And not the real magic like he was used to, either. The fake, illusionary stage magic by which humans—for some reason—were so awed.
Miist began the process by putting her hand on Khaos’s cheek. He closed his eyes, looking understandably nervous. She closed her eyes, too, and they flickered rapidly under her eyelids. She was breathing deep and slow, he was breathing shallow and quick.
“Don’t be so afraid,” Miist said. Her voice was gentle and warm.
“Will you be able to change me back?” Khaos asked, in the weakest voice Nathaniel had ever heard him use.
Miist hesitated and Nathaniel wondered if she was thinking the same thing he was: that she would never have the chance.
She answered simply, “I am the most practiced and powerful Unweaver in the known world. Your appearance is like a paints on a canvas.”
Khaos swallowed and his eyes opened for a brief moment and he caught Nathaniel’s eye. He really did look frightened. Nathaniel couldn’t really understand why. Miist clearly knew what she was doing.
Eliot, who was sitting quietly to Nathaniel’s left, cleared his throat and leaned in a little closer. Nathaniel wondered what the Flash could see in Khaos’s Light and what it was telling him.
As the next few moments dragged on, Khaos’s breathing slowed and a great deal of the tension left his face. Miist grinned a little. She lifted her other hand and placed it on Khaos’s other cheek.
Nathaniel felt the air grow cold, colder than it already was. He hugged his arms, but Eliot seemed to shrink into himself. This time, when Nathaniel put an arm around Eliot to keep the Flash from fainting with dreariness, Eliot did not pull back, slap Nathaniel, or even say a word.
Miist’s expression did not change, but her pale, thin body began to glow. Her silver hair shone its own light. After only a minute, her body was invisible behind the white light that filled the air. Nathaniel squinted and held his free arm out to block the brightness so that he could see Khaos. The half-toshi’s face was almost serene.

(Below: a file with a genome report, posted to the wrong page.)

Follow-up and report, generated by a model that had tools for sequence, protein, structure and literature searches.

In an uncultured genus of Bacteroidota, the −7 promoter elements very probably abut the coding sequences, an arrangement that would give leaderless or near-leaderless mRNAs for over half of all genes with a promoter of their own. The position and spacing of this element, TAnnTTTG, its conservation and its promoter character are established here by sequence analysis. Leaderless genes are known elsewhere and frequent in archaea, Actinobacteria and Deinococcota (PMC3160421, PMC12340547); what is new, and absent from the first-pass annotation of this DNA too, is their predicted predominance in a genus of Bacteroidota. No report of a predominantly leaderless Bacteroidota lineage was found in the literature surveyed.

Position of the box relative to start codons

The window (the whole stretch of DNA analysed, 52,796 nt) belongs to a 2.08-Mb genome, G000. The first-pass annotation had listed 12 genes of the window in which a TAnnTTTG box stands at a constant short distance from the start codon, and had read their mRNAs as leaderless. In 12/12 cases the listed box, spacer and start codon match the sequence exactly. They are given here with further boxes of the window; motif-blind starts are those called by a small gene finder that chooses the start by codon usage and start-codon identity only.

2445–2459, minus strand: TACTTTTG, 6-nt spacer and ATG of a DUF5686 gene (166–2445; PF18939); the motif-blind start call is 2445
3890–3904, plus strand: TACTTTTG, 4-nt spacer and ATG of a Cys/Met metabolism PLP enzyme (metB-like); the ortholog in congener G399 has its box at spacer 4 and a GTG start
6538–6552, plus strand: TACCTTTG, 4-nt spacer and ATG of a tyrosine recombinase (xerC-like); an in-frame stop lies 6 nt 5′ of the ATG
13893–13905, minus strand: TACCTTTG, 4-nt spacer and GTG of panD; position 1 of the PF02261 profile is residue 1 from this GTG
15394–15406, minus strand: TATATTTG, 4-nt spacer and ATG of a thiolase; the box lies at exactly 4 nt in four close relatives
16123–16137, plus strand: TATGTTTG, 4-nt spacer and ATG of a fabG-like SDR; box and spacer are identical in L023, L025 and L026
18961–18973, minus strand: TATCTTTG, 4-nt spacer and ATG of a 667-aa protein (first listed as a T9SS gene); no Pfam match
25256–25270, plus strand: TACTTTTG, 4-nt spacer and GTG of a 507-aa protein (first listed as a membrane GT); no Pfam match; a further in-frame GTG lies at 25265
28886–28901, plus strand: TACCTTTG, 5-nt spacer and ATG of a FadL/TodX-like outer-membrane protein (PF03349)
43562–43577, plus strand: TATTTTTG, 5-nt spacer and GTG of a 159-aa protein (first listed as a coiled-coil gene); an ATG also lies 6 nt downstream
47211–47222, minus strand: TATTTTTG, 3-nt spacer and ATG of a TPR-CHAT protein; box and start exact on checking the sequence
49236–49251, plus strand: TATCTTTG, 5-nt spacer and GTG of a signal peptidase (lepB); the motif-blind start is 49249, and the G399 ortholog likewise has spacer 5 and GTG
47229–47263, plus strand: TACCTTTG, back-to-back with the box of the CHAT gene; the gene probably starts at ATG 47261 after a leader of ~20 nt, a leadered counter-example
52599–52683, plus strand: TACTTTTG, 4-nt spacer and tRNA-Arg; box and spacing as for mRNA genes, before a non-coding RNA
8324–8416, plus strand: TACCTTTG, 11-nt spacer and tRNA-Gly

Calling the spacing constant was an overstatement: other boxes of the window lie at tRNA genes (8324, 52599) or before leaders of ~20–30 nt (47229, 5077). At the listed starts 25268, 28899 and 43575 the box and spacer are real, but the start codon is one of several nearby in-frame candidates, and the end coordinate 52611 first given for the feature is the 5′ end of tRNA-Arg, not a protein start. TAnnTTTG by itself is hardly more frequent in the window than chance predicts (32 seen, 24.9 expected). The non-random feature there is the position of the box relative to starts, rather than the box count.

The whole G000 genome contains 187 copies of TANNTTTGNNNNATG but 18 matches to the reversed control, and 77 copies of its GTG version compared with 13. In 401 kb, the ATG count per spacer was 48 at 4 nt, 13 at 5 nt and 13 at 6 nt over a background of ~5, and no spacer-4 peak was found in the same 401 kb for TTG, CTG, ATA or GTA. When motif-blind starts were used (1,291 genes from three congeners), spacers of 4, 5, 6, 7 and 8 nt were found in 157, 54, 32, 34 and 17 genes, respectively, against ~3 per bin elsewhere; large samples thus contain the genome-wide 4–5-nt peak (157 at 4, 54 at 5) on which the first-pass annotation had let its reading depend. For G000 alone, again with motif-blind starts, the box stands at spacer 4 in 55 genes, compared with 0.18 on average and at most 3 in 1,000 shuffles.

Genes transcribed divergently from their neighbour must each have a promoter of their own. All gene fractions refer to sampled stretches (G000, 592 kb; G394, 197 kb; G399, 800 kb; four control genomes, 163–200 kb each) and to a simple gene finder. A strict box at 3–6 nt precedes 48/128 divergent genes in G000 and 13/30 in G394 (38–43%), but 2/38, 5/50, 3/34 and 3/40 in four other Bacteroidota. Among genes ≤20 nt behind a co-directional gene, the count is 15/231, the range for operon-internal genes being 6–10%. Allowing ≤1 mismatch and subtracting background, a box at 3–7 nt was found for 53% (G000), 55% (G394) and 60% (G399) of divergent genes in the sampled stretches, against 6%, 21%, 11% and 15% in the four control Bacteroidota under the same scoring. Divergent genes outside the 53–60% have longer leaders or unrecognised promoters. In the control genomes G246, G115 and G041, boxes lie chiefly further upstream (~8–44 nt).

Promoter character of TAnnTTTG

Before Nathaniel’s eyes, he saw Khaos’s face begin to change. His hair grew. His beard crawled up his cheeks until it nearly touched his eyes. His eyes shifted and darkened. His cheeks sharpened. In a matter of minutes, Khaos had an undeniable mane no smaller than any other toshi’s. His face was almost unrecognizable.
Miist’s hands—if that’s what they still were; they were far more fluid and ethereal than flesh could ever be—came down from Khaos’s cheeks and she backed away.
Khaos blinked several times very rapidly then stared forward, like he was waiting for something to happen. He slowly lifted a hand to his face and felt his mane, felt his nose and cheeks. He ran his fingers through his hair, which had broken out of its tie, and now fell down to his legs in back.
“Well?” he said, glancing to Nathaniel and Eliot.
“You look—” Nathaniel began.
“Toshi,” Eliot barked, or he would have if he’d had the energy. It sounded more like a cough.
Miist looked on her work. Her eyes were the only features left on her face, which was still glowing like the sun. She said nothing and Nathaniel wondered if she could speak at all when she was in this form.
Khaos’s breathing was now heavy and slightly panicked. “Really, really toshi?”
Nathaniel could only nod. Really, really toshi.
“No one else will believe it,” Eliot muttered. “You don’t look like yourself at all.”
Khaos sighed, his bulky shoulders dropping. “I suppose that is what we were aiming for.”
Miist’s glow was beginning to subside and her physical, non-luminescent body was starting to take shape within the fading light. Nathaniel watched the whole process in awe.
“Not even your closest friends will recognize you,” Miist said once she was mostly reformed.
Khaos nodded, still running his curious hands over his new features. “Great.”